Those Taxing Taxes

In his Nov. 6 column, "Promises of No New Taxes Have a Hollow Ring," the usually erudite and informed James Flanigan was way off track when he wrote that a national value-added tax is "an idea worthy of consideration." Widely used in Europe, value-added taxes have contributed greatly to lowering the standard of living.

Such regressive consumer taxes do much more than gouge the lower- and middle-income classes. They so restrict the consumer's available purchases as to have a destructive effect on manufacturing and production.

It is ironic that directly below the end of the Flanigan column was a large ad that read, "Become a Wealthy Real Estate Speculator! Anyone can build real estate holdings and create wealth, quickly and easily by becoming a real estate speculator."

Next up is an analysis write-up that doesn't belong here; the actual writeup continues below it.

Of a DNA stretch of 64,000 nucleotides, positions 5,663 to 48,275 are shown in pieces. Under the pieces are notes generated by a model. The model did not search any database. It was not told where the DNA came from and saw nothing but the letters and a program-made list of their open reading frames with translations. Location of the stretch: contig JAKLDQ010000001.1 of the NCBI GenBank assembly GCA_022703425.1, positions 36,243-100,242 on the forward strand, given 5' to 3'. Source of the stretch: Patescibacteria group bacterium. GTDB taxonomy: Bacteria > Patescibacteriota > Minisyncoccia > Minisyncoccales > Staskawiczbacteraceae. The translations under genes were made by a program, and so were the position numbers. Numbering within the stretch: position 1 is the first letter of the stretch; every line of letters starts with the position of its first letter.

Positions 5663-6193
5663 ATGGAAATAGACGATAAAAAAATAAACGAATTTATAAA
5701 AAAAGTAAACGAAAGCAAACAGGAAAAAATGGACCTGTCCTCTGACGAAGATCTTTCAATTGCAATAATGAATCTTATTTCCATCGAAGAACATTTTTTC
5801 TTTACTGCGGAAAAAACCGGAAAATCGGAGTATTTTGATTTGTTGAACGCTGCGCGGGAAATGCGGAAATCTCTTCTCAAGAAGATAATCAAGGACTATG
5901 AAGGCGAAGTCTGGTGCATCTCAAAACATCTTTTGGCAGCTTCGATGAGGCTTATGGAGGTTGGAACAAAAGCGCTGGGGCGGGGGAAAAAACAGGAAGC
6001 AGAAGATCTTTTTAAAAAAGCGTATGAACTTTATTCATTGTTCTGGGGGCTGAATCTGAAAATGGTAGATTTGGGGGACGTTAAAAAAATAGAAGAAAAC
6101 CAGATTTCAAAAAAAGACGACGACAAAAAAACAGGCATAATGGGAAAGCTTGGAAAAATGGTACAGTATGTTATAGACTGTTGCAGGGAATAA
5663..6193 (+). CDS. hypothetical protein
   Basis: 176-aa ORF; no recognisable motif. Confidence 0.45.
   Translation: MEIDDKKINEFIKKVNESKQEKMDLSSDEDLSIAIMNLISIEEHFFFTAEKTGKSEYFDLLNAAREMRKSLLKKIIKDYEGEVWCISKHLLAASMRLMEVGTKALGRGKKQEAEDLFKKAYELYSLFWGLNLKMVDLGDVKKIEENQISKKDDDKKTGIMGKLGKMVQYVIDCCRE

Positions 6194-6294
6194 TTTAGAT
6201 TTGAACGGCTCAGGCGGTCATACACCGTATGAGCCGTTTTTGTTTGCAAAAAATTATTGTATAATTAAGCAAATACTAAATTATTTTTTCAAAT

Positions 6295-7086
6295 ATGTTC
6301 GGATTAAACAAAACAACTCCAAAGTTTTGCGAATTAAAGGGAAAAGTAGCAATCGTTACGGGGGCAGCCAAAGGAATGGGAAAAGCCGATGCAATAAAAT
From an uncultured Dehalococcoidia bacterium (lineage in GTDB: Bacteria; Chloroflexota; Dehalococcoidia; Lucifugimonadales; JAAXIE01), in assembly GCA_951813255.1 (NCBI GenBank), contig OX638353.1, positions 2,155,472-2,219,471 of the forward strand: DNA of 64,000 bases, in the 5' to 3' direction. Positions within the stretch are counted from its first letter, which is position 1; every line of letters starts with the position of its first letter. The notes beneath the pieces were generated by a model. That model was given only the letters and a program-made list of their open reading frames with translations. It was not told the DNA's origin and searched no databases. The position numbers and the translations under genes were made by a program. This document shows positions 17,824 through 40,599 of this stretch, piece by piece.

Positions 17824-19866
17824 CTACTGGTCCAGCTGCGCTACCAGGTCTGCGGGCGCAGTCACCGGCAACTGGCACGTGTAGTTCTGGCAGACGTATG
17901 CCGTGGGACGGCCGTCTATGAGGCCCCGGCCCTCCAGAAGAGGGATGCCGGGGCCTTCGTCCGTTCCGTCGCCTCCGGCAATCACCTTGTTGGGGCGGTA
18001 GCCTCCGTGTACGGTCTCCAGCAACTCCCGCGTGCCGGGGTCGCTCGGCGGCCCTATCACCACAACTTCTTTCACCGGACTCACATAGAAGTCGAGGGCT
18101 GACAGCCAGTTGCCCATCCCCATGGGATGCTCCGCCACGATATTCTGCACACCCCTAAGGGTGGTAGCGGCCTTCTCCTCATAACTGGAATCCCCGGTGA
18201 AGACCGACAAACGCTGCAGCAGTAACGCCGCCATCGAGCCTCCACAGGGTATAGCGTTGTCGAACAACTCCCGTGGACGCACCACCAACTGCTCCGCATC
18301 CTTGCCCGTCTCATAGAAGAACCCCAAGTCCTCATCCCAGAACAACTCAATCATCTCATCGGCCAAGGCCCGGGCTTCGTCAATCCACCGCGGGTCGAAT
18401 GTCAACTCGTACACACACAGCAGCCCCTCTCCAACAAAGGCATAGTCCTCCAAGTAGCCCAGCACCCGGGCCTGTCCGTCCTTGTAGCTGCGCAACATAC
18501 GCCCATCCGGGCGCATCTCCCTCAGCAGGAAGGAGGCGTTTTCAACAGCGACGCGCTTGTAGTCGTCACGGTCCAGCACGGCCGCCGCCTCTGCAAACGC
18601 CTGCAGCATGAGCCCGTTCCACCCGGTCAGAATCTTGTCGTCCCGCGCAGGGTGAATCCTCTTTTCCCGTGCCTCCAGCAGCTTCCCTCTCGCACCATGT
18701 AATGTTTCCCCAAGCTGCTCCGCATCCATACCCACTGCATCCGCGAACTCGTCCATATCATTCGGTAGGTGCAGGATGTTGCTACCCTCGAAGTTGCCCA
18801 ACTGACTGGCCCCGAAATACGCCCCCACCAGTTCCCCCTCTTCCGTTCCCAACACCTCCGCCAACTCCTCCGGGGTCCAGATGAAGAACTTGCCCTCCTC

A more rational new source of revenue than the value-added tax would seem to be a national tax on land values. This would force the foreign corporations to return to America a portion of the wealth they have "created" through land speculation.



Copyright © 2019, Los Angeles Times
EDITION: California | U.S. & World